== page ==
However, during thepresidency of Barack Obama there appeared the biggest number of derivatives from his surname. For instance: Obama baby – a child conceived immediately following the 2008 election of Barack Obama; Obama change – a change that does not occur; the neologism was used in interviews by individuals frustrated with President Obama campaign slogan and promises and their implementation because the changes that he promised have not happened yet; Obama effect – the idea is that the voters state that they would vote for a black candidate to appear politically correct, however, the election outcomes become very different from the polling results prediction; Obamania – an excitement over Barack Obama winning the 2008 Presidential election; Obamanism – a neologism referring to different key catch phrases used by Barack Obama during the 2008 US presidential campaign; Obamanomics – the fiscal economic policies of Barack Obama; Obamarama – an event for lending the support to Barack Obama and his political campaign; Obamomentum – a neologism used to characterize those people who actively join Barack Obama's campaign; Obamunism – a pejorative description of Barack Obama’s stance in government and leading economic policies as being similar to communism; Obamacare is generally used by opponents of President Obama's healthcare policy who disagree with some or all of its aspects; Obamaite – (neutral) a supporter of Barack Obama; Obamacon – a neo-conservative supporter of Barack Obama; Obamanoid has a pejorative connotation of being mindless or not thinking for oneself; Obamabot – a neologism used primarily on forums as an insult to Obama supporters denoting a supporter of President Obama's policies; it has a pejorative connotation showing that Obamabots are like robots that mindlessly support the President; Obamacan – a Republican who supported democratic candidate Barack Obama in the 2008 US Presidential race but mostly for the reason to vote against Hillary Clinton, the other Democrat candidate. Today it has a pejorative connotation because being an Obamacan is considered traitorous to other Republicans.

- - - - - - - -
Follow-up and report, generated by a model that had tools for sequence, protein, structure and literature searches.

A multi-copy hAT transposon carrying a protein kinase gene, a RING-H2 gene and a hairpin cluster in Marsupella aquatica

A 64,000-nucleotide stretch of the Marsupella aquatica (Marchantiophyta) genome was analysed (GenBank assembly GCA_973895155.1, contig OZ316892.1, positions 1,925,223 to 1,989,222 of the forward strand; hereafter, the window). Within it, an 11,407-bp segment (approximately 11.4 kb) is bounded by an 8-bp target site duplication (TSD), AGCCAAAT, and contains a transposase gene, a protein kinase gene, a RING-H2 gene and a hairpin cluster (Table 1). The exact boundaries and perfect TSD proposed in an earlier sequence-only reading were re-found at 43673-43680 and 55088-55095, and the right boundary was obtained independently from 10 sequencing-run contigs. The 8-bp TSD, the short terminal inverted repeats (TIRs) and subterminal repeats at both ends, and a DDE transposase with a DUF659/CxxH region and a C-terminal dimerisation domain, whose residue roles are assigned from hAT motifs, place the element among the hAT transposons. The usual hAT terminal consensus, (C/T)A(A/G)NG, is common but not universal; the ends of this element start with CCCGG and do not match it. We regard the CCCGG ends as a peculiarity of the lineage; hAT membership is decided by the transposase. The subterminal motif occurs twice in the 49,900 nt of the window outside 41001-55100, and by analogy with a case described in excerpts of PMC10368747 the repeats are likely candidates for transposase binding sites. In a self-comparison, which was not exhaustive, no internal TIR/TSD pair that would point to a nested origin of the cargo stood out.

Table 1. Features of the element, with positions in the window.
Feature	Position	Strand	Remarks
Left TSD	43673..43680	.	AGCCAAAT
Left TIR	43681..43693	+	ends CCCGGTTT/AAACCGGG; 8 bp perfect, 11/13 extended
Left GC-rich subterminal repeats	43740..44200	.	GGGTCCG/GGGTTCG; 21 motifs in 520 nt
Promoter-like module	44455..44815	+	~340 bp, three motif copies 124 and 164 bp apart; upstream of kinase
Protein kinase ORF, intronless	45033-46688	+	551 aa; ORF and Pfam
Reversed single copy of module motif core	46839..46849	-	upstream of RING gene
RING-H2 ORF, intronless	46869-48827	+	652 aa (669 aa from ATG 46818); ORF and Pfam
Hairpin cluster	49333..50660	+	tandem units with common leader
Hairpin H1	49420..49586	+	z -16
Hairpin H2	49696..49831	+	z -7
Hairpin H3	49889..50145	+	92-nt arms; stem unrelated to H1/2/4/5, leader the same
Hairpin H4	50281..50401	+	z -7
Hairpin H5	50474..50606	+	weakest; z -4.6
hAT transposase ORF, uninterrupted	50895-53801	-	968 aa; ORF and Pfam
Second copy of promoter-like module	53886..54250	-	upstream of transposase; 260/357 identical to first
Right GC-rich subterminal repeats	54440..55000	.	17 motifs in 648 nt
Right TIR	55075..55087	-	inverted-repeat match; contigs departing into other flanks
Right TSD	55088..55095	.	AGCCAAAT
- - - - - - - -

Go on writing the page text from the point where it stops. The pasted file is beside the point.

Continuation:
The number of examples can be multiplied. However, it should be pointed out that although great in number these neologisms have not become stable and have not become units of the language.

Phrasal verbs converted to nouns make up another group of neologisms. As for political neologisms, phrasal verbs are rarely converted to nouns to coin new terms.